What is the appeal in the words racism and racist?
The Ontario Human Rights Commission, in its own ungrammatical way, describes Islamophobia as " a contemporary and emerging form of racism".
The U.K. report of the Commission on British Muslims and Islamophobia presents the case "for seeing Islamophobia as a form of racism".
In explaining Belgium's banning the burqa, a member of parliament claimed, "We are not a racism kind of country".
In a legal dispute over Muslim women wearing veils, a lawyer "raised the spectre of racism".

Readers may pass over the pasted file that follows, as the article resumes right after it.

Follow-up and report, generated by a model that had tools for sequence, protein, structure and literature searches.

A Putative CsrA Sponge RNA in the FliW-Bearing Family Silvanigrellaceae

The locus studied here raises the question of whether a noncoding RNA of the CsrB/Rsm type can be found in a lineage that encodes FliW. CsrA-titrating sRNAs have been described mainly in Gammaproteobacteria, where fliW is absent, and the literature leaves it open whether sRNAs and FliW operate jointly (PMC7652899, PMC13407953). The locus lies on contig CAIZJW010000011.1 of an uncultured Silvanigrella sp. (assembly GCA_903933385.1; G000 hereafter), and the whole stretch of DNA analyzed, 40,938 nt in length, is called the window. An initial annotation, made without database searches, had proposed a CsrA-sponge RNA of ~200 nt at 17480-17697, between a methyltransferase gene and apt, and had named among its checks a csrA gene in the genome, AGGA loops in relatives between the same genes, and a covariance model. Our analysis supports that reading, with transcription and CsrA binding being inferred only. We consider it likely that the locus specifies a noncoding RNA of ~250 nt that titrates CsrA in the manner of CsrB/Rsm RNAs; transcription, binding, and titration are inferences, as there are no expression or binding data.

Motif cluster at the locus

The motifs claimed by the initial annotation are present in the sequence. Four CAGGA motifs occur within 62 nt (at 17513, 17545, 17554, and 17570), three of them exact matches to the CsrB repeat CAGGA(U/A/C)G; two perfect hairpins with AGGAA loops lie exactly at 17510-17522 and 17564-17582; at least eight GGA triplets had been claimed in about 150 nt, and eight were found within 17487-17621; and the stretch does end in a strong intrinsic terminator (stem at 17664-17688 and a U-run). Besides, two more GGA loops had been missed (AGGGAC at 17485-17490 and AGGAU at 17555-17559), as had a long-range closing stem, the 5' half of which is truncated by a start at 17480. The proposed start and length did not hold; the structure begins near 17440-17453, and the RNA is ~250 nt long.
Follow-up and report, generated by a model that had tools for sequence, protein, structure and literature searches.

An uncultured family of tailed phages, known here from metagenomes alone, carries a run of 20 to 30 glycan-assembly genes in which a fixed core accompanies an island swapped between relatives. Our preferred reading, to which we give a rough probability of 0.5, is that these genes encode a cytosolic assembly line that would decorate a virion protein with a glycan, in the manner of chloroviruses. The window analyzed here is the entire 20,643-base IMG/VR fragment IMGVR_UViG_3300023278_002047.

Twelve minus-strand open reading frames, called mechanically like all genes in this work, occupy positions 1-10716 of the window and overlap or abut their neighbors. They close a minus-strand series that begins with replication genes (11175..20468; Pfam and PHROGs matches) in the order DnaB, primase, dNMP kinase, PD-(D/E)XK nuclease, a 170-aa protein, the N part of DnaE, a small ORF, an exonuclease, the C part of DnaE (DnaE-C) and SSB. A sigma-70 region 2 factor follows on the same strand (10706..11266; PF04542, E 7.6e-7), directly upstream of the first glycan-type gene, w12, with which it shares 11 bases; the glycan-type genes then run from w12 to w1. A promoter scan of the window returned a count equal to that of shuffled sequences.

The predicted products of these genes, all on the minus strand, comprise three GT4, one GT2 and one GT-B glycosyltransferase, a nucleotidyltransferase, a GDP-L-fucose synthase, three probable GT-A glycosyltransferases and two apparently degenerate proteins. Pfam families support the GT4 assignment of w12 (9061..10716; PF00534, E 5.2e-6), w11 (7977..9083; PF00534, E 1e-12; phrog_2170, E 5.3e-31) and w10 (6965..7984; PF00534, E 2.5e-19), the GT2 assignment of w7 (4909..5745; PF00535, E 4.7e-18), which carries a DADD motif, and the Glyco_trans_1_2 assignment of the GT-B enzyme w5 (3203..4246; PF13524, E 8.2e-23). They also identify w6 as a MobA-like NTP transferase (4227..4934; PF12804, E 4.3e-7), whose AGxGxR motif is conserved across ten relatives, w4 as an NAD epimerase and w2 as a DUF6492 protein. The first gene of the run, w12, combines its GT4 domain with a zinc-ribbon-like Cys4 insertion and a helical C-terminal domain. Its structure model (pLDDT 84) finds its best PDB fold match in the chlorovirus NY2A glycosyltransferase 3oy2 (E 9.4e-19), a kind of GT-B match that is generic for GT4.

Airport security screening of turbans called "elements of racial profiling".
A letter to the Toronto Star of June 18, 2014, dealt with our failings towards our aboriginal people. The writer avoided the word racist. The headline writer editorialized this complaint into "our racist history."
Not one of these examples involves race, other than in the minds of the accusers. (In the case of the Toronto Star, in the mind of the editorializer.) Such words trip off the tongue more readily than intolerance or bigotry or racial discrimination. Is it the snake-like sibilance hissing through clenched teeth that appeals? Or because it's but a short linguistic step from fascism and fascist? Or because the perpetrator is linguistically challenged?